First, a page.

Pay Day


The NCAA is making billions, is it time for college athletes to get a piece?

One of the biggest questions in sports today examines the issue of whether college athletes should be paid. Some say it would ruin the point of college. Others say it would be only fair to pay them. In the ever-changing world of college sports, which solution is the right one?

One of the main factors of this argument is that colleges and the NCAA make millions of dollars off of student athletes, yet student-athletes see very little of this money. The NCAA also has rules in place that prohibit student-athletes from having more than one job.

What would happen if student athletes were paid? There would be even more temptation to treat academics as secondary. The notion that college is just a stepping stone would be even more pronounced. On the other hand, it might encourage student-athletes to stay in school longer because they would feel less need to move up to professional sports as quickly and maybe even give more consideration to life after sports.

Although payment would help players, it would be unfair to lower-tier colleges who might not be able to afford to pay their players as much. It would also be unfair because boosters could give extra money to players which would tip the balance in such a way that players could be tempted to consider the highest bidder, not the best school for them and their family.

If the NCAA did allow players to gain income from their schools, would that number be even for all? If a player were to go to college at Texas A&M on scholarship, they would receive a large sum of money. While a school such as UTEP would pay players significantly less.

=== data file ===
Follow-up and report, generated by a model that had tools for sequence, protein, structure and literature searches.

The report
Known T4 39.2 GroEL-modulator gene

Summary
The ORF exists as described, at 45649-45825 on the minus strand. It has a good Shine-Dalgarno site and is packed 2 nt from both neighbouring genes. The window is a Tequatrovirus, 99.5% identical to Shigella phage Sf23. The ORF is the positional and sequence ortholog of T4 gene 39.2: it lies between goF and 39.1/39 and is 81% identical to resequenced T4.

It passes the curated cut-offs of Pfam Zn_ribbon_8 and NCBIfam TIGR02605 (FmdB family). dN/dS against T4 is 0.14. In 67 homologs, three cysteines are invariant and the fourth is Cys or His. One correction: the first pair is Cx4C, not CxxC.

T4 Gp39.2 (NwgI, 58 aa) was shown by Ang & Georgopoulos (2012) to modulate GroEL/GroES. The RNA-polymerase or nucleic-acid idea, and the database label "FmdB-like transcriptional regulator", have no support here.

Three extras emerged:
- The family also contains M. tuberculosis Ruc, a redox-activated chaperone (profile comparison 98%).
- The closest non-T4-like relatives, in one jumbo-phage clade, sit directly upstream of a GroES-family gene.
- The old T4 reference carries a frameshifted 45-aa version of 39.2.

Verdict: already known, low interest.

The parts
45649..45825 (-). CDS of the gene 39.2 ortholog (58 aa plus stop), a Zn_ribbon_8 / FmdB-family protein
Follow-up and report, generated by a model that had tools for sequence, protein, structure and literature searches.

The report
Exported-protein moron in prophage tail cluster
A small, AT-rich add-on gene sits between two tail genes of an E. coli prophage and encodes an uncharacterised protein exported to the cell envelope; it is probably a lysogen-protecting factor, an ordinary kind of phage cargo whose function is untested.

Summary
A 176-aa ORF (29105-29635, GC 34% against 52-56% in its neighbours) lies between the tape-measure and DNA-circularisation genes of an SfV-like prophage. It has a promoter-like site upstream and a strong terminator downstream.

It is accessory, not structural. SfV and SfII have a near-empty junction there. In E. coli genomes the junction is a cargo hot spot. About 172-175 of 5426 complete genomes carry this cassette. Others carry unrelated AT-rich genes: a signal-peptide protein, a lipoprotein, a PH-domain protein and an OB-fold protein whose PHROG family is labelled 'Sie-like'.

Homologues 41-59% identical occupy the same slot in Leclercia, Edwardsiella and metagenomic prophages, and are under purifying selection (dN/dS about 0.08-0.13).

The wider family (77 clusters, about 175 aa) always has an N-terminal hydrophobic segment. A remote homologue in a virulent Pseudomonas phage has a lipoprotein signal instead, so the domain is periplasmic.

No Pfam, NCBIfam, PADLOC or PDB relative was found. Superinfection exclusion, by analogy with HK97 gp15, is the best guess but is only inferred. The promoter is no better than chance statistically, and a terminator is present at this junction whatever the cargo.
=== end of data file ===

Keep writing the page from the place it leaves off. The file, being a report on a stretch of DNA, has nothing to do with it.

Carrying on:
While directly paying players’ money might not be the solution, athletes should at least be able to make money off of their names. In 2013, the NCAA and colleges made more than $10.8 billion in endorsements and player merchandise, and the players didn’t get a cent. Several very popular players were at the forefront of this issue prior to the 2013 college football season, most prominently Johnny Manziel of Texas A&M and Jadeveon Clowney of South Carolina. If they were to have received a little cash from signing a few helmets or posters, who would that have affected in any negative way?

The best solution seems to be first, lift certain rules prohibiting players from making money off their names, but retain the rules prohibiting boosters from giving players money in excess. The NCAA should also open up a bank account for the athlete for long term benefits after college.

With these rules college athletes should have long-term benefit from playing their sport, along with a college education to get them far into the future, and hopefully, to pay day.